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This video is narrated by NASA scientist Peter Griffith who explains fast and slow carbon cycling on Earth. A banana is an example of fast, young carbon. A chunk of coal is an example of old, slow carbon. Carbon dioxide and vegetation on land seen... (View More) from space by satellites show the annual cycle: as plants grow during spring and summer they draw carbon dioxide out of the air during photosynthesis. When they die or go dormant during winter, carbon dioxide levels rise in the atmosphere. Burning fast or slow carbon to generate power or heat releases black carbon, also called soot which can be seen from space. ClimateBits videos are designed for Science On a Sphere (SOS) and also available on YouTube. Links are provided to more information for this topic from the main ClimateBits website (see related & supplemental resources). (View Less)
NASA's Hurricane and Severe Storm Sentinel (HS3) mission uses NASA's Global Hawk Unmanned Aerial Vehicles (UAV) to study tropical storms and hurricanes. This nine-minute video describes the mission, reveals details about the Global Hawk aircraft,... (View More) and offers a glimpse inside the command centers of both the ground-based pilots and the scientists who analyze satellite images to assist in flight navigation. The video concludes with information about getting students involved directly from the classroom through computer monitoring of the Global Hawk's flight patterns and participating in live chats with the ground-based pilots. (View Less)
This short video (4:06) provides an overview of the Global Precipitation Measurement (GPM) mission. This mission will set a new standard for precipitation measurements from space by joining forces with countries around the world, to provide... (View More) precipitation data from nine different satellites, creating the GPM Constellation. NASA has partnered with the Japan Aerospace and Exploration Agency (JAXA), space agencies in France and India, and the operators of meteorological satellites in Europe and the United States to make this multi-nation mission possible. (View Less)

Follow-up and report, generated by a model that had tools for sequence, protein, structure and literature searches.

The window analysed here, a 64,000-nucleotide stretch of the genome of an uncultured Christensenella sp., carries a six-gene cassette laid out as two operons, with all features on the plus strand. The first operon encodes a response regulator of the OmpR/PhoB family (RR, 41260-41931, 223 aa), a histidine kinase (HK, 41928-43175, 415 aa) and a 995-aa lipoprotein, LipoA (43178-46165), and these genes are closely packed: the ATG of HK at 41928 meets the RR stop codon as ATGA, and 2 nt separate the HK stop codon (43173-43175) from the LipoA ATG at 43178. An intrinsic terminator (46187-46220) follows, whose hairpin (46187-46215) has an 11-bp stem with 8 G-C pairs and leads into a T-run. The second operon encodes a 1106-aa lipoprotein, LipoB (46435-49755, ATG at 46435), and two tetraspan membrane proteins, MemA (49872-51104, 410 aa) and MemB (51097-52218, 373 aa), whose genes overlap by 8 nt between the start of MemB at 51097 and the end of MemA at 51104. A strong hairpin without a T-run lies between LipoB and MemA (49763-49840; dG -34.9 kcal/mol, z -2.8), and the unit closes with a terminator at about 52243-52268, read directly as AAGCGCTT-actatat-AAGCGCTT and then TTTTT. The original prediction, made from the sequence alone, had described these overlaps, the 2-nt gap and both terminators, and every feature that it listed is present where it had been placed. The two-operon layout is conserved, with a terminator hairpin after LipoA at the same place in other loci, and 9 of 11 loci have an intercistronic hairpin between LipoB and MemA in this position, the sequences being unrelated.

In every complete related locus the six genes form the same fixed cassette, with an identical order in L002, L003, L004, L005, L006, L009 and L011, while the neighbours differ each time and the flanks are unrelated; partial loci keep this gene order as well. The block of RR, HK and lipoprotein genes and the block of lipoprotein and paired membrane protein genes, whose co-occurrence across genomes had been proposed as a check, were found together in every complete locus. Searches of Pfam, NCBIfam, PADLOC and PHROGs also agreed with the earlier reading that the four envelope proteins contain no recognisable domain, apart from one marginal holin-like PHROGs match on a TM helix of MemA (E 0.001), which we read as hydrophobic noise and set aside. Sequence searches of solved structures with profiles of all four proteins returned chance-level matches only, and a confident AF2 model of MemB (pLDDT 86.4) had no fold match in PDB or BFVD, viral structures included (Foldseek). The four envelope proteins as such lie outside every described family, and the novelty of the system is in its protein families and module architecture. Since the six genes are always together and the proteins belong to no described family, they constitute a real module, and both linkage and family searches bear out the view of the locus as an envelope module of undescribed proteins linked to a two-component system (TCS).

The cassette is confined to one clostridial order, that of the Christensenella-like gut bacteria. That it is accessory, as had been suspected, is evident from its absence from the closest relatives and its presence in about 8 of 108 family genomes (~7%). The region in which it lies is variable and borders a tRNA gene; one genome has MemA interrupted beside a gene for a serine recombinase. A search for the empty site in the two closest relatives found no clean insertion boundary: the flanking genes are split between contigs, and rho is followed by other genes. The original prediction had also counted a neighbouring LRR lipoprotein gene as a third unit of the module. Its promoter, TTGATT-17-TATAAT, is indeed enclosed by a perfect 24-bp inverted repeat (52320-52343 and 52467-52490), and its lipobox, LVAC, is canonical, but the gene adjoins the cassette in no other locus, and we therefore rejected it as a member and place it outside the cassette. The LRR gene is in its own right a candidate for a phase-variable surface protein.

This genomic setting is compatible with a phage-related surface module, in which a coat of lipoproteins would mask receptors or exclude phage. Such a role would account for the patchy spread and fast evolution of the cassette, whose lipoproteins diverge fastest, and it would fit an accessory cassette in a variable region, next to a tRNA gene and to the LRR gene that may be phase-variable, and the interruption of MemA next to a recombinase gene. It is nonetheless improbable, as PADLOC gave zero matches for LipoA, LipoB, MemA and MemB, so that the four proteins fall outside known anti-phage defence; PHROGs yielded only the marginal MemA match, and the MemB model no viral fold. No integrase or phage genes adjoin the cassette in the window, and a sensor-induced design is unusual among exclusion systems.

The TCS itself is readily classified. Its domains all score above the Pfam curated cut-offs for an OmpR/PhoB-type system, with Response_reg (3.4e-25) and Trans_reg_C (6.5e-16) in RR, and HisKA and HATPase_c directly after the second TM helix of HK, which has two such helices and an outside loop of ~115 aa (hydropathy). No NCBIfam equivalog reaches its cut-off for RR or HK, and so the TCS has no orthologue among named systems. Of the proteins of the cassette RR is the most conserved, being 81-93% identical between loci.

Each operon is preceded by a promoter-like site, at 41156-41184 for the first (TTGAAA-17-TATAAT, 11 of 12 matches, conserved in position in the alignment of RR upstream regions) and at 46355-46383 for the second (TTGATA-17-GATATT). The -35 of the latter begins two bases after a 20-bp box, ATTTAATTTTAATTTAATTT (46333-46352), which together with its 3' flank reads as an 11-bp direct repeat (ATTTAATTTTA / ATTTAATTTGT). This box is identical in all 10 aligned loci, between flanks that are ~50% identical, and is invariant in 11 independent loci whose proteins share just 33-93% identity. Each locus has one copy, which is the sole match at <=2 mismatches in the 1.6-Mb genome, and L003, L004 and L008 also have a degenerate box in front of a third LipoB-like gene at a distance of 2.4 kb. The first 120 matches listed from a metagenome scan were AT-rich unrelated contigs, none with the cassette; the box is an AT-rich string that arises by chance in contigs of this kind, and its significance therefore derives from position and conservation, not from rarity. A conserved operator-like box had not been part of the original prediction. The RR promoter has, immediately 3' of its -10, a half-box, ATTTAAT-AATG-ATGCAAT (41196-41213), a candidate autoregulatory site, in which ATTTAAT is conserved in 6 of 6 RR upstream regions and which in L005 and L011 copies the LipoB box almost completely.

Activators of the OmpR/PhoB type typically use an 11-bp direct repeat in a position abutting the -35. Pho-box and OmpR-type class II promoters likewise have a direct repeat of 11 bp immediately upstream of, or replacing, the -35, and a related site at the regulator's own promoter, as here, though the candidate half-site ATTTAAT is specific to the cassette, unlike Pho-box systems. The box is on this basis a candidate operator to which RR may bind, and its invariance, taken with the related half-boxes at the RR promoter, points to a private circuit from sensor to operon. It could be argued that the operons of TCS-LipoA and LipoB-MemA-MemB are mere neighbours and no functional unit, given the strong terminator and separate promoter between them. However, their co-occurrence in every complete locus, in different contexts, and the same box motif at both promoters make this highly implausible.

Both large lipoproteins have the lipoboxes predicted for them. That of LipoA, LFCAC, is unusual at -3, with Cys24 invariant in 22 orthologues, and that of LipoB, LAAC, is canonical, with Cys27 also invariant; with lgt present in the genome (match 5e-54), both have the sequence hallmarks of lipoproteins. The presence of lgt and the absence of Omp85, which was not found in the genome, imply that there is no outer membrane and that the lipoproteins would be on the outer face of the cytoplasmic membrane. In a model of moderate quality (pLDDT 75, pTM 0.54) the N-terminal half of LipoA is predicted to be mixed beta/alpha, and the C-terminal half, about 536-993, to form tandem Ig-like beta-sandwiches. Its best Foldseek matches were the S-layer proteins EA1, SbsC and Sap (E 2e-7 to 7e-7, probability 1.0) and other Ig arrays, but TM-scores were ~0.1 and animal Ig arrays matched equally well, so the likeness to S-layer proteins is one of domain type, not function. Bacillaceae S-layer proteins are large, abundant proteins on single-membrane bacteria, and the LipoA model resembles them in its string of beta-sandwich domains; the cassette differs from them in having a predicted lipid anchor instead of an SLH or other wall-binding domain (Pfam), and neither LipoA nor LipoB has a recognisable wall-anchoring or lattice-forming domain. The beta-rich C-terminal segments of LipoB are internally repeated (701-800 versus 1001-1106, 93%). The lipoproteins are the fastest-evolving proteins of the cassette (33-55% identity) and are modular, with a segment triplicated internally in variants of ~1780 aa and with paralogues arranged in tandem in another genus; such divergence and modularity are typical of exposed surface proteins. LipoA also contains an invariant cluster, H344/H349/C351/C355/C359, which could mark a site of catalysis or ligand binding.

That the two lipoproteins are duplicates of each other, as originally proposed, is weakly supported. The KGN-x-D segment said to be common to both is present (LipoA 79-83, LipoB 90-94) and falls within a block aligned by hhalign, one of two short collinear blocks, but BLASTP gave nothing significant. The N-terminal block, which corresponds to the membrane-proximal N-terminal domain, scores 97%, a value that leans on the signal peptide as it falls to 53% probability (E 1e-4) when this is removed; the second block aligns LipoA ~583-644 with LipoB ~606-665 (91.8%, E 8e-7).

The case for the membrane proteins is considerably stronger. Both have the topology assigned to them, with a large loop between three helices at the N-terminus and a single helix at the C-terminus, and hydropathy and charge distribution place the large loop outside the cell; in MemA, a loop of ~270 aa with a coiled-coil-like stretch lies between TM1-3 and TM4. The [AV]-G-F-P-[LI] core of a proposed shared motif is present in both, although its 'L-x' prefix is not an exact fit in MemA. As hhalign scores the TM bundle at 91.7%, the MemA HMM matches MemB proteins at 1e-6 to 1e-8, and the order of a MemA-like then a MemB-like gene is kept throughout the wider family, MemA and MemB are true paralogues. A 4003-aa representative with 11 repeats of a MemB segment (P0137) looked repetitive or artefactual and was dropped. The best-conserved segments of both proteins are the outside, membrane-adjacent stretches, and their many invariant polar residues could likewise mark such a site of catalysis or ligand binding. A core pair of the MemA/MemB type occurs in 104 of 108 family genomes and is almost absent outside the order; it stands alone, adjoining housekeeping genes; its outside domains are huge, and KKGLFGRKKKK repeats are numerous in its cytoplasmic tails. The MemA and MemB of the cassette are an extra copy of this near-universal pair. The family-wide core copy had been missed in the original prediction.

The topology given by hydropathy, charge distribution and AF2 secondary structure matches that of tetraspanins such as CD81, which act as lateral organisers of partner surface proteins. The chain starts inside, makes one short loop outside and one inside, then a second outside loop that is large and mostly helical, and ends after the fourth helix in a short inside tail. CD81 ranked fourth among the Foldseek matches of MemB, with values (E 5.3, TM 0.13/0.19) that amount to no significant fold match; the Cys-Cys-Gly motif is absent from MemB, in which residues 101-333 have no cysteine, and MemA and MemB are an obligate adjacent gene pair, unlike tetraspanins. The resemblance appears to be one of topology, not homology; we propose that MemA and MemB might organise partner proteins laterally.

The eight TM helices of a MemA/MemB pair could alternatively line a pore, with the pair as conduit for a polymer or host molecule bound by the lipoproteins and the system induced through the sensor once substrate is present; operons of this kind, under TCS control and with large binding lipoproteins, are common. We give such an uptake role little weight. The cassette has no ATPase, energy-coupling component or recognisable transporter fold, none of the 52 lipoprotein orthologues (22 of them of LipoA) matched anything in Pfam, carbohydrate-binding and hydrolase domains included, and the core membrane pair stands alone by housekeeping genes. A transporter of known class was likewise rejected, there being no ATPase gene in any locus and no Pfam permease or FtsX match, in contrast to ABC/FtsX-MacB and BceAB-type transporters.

Research physical scientist, Dr. Dalia Kirschbaum, is featured in this short (~3 min.) video. Dr. Kirschbaum explains how the integration of her initial interest in math and her subsequent interest in the science of natural disasters lead to her... (View More) career focus of landslide modeling. Now part of the NASA Global Precipitation Measurement (GPM) team, she communicates about the GPM mission and data to the public and to others who use it in their work and/or research. (View Less)
This twelve-minute YouTube video incorporates NASA imagery and visualizations as it traces the history of air quality research.